Beautiful raked beach but no swimmers other than possible jellyfish
"It is not down in any map; true places never are." Herman Melville
We were captivated by Cardwell
but the open road was beckoning and Cyril duly instructed Brutey to turn left onto the A1 to make a journey of approximately 350kms to Bowen.
As a rule, we avoid the main freeways but the alternative routing would have been too far inland and off course. With plenty of sugar cane visible spoiling what would have once been beautiful coastal plains and forest, a distraction was needed so the radio was tuned into an Aussie early morning talk show. The chat show hosts were banging on about the Federal Election due to take place on 18th
May and what was intriguing was the sensible discussion taking place about what was best for Australia. In stark contrast to the outrageous stuff our “politicians” back in SA spew forth daily and quite frankly, not having the daily dose of political crap one has to contend with back home has been a blessing. They have their controversies and nonsense here as well and with my limited knowledge of the Aussie political scene, I have always wondered why anyone would want to enter politics in Oz. Politicians get treated with contempt if they step out of line which
Spectacular Horseshoe Bay.
is the way it should be. In recent years Aussie Prime Ministers have been recycled every six months or so and they are giving the Italians a serious challenge on this score.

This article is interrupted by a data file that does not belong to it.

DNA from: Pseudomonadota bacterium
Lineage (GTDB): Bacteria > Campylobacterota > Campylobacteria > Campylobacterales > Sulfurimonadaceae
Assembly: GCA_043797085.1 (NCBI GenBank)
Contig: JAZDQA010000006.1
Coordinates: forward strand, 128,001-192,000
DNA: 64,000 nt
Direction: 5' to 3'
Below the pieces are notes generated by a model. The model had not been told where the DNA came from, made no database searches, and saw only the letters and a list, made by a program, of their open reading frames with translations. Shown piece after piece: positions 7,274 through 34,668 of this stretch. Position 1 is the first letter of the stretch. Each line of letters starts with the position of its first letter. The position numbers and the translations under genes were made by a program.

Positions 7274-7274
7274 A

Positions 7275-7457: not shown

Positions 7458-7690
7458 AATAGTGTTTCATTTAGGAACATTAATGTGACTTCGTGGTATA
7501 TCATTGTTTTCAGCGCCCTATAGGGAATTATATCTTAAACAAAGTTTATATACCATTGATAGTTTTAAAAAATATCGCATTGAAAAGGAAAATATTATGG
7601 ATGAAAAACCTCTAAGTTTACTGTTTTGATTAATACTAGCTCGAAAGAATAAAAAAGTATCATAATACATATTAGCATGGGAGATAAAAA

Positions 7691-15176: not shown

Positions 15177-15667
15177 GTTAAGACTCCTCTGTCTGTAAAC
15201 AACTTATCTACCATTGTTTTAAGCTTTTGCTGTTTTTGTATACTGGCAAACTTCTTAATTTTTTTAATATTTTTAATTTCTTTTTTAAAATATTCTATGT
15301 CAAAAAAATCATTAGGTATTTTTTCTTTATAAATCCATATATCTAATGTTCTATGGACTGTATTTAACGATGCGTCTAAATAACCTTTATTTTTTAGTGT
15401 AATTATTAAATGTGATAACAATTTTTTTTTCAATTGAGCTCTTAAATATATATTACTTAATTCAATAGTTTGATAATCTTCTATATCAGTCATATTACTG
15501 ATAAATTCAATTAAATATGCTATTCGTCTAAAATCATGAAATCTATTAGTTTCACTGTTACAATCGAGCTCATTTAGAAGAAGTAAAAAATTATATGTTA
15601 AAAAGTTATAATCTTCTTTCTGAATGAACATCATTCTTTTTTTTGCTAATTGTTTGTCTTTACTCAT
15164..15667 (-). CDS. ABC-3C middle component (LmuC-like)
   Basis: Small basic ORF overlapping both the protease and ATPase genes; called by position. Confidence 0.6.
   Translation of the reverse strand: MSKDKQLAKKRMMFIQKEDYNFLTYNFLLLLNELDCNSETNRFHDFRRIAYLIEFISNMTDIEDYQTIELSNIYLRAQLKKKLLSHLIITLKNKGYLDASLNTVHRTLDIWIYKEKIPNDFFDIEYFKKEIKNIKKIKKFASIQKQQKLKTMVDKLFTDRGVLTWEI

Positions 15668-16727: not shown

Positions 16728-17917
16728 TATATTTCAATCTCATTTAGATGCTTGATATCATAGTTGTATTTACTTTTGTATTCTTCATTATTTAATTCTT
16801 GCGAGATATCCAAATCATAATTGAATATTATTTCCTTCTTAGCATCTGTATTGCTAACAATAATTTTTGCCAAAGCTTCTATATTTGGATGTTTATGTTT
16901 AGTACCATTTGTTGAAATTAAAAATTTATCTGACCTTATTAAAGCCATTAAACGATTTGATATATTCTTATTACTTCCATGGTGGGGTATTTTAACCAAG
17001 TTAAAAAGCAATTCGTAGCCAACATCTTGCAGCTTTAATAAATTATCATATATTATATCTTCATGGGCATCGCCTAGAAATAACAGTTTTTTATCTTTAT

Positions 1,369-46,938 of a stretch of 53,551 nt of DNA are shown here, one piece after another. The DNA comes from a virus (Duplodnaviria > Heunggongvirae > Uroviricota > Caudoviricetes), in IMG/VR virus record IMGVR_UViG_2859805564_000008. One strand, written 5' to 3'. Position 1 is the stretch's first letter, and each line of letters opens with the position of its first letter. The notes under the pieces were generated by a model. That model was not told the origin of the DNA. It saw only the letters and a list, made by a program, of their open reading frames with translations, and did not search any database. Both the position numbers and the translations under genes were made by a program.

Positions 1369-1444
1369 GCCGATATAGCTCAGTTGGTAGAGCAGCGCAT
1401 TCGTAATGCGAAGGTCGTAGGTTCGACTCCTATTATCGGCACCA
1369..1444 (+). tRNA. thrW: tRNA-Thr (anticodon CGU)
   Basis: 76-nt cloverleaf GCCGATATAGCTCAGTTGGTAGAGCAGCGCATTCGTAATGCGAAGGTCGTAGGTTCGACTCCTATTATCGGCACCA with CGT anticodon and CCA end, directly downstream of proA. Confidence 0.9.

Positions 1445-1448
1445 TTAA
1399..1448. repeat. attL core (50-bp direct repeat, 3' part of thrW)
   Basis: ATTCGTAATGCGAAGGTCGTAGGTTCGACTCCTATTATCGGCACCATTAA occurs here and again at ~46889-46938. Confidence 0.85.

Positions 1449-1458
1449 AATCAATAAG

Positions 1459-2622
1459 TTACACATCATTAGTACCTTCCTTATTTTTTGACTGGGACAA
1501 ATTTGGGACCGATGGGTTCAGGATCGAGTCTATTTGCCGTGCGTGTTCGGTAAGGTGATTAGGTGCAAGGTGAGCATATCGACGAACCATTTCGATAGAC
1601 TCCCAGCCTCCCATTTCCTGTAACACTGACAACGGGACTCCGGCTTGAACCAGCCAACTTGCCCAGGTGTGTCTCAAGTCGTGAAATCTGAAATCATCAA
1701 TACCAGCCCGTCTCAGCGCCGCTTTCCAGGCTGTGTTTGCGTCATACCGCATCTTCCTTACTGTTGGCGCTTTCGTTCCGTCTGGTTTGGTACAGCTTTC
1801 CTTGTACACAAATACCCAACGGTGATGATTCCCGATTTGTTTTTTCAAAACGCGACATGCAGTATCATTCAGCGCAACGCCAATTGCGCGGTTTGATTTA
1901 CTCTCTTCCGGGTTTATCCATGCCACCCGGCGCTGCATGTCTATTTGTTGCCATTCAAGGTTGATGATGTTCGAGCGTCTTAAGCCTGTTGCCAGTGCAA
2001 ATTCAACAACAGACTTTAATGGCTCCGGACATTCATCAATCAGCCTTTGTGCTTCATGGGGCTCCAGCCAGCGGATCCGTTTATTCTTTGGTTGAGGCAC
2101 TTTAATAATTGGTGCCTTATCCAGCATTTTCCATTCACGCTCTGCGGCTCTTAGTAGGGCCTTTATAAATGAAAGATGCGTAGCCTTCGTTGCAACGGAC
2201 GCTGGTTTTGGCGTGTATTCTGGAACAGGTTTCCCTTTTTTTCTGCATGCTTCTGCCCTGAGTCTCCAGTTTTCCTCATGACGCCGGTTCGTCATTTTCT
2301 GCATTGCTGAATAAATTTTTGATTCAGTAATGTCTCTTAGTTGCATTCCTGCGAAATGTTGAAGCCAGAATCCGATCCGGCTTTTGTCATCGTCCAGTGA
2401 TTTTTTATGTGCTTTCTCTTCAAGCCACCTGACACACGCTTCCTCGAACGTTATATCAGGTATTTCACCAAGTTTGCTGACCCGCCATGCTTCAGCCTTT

An hour or so down the road we spotted a turn off to Rollingstone
and on queue stumbled upon a beautiful open park which was an ideal stop for a coffee break. A crystal-clear creek gurgled close by and on questioning a fellow coffee slurper; he said he thought there were trout in the stream. No way! A bonus of our stop was the appearance close by of one of the country’s iconic birds, the Kookaburra, which made a raucous, giggling and screeching noise not unlike what one would hear at an EFF rally.
Back onto the Pacific Highway (overstatement noted), the cane fields soon disappeared and the countryside gave an indication of what the whole area looked like once upon a time. Open fields covered with tall grasses and interspersed with the ever-present eucalyptus trees of which there are 900 species in Australia. Surprisingly there was not much evidence of kangaroo road kill given that the topography looked ideal for them and keeping in mind
Chill time at Horseshoe Bay.
that there are roughly 44 million of the buggers hopping about this massive country.
Next up on this longish drive was Townsville